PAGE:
Access Control systems

Access Control systems can be simply defined as the process by which security staff control who enters and leaves the premises and when.

The global access-control market is projected to reach a total value of $10.4bn by 2020, growing at a CAGR of 10.6%, according to research by Markets and Markets.

Access control technically includes the time-honoured mechanical lock and key, but when people talk about access control in the modern security industry, they mean sophisticated electronic turnstiles, gates, wireless locks and other barriers.

Keys can be lost, stolen and copied, leaving assets vulnerable and requiring an expensive change of locks. Happily, when an electronic access card is lost or stolen, access rights can be withdrawn immediately, rendering the card inactive. Should thieves gain access before a theft is noticed, operators can identify when they breached security and – if there are multiple access points – where in the building they are at any given time.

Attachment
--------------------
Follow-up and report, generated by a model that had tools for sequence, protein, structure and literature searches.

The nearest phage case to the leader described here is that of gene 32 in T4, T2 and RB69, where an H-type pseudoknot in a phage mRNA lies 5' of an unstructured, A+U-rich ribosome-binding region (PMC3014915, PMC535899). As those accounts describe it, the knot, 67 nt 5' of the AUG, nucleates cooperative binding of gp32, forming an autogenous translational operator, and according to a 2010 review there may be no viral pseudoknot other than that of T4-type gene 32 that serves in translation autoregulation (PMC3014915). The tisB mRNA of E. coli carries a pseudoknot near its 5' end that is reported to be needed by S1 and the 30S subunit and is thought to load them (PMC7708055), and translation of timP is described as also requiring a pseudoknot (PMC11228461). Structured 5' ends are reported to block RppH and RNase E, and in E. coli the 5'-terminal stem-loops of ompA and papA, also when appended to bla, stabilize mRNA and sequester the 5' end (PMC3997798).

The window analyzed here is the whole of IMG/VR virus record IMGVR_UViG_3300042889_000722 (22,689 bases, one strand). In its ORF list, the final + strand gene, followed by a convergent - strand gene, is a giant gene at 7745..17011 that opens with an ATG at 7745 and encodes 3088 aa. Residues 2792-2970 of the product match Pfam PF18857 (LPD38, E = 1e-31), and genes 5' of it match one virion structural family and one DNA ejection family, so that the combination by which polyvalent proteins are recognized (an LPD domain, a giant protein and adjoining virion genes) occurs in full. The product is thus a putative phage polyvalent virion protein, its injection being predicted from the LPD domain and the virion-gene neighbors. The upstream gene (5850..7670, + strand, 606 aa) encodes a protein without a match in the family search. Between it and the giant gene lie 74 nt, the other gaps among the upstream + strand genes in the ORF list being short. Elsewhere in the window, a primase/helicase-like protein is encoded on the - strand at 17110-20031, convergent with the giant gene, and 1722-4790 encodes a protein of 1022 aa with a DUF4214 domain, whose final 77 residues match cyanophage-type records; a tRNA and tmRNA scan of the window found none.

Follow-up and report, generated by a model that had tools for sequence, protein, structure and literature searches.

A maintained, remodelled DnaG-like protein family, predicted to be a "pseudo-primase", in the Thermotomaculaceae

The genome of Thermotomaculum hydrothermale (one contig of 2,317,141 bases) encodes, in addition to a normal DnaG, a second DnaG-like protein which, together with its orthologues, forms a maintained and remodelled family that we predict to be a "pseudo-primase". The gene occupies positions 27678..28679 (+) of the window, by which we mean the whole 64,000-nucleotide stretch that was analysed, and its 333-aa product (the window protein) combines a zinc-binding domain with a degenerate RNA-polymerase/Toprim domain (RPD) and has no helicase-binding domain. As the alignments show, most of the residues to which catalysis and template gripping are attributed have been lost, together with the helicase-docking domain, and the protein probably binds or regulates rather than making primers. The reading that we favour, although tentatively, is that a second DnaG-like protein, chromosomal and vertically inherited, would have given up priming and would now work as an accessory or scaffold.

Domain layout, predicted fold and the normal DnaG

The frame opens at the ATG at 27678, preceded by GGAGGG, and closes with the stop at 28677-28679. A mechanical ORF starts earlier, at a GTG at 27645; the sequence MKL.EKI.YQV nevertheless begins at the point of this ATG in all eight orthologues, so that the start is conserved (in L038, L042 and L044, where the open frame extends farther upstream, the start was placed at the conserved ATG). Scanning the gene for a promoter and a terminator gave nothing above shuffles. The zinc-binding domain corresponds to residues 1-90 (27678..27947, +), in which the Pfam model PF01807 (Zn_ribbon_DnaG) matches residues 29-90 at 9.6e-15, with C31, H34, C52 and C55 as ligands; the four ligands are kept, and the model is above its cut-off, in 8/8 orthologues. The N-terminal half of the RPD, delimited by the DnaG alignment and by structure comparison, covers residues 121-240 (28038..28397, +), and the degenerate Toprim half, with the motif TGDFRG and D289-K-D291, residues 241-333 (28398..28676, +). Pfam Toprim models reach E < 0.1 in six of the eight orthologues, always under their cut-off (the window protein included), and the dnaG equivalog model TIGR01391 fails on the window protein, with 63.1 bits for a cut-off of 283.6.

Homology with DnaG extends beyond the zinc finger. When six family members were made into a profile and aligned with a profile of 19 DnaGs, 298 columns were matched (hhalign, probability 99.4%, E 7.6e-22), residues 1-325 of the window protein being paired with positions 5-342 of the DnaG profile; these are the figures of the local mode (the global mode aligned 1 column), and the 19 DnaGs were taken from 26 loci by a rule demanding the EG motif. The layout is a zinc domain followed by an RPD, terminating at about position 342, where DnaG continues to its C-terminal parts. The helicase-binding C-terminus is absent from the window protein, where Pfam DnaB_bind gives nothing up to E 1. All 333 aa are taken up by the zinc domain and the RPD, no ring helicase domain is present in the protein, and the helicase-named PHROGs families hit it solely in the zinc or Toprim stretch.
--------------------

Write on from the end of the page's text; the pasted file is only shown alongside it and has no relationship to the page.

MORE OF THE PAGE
Modern access-control systems also offer flexible access rights. For example, while all staff can generally gain access through a building’s main entrance, access to certain internal areas may be restricted to those with relevant authority. Access can also be restricted to specific time periods.

The plastic access card has long been the dominant form of identity verification. While they still govern access for most installed systems, biometric solutions – usually authenticating identity through facial, fingerprint and iris recognition – are becoming more reliable, affordable and widespread.

Often accused of being a conservative industry the access control sector is finally emulating its CCTV counterpart in embracing IP, open-platform technology, the internet of things and integration with, and interoperability between, building systems. Mobile access – gaining access using smartphones – is one burgeoning trend with numerous operational benefits.

Access control  manufacturers

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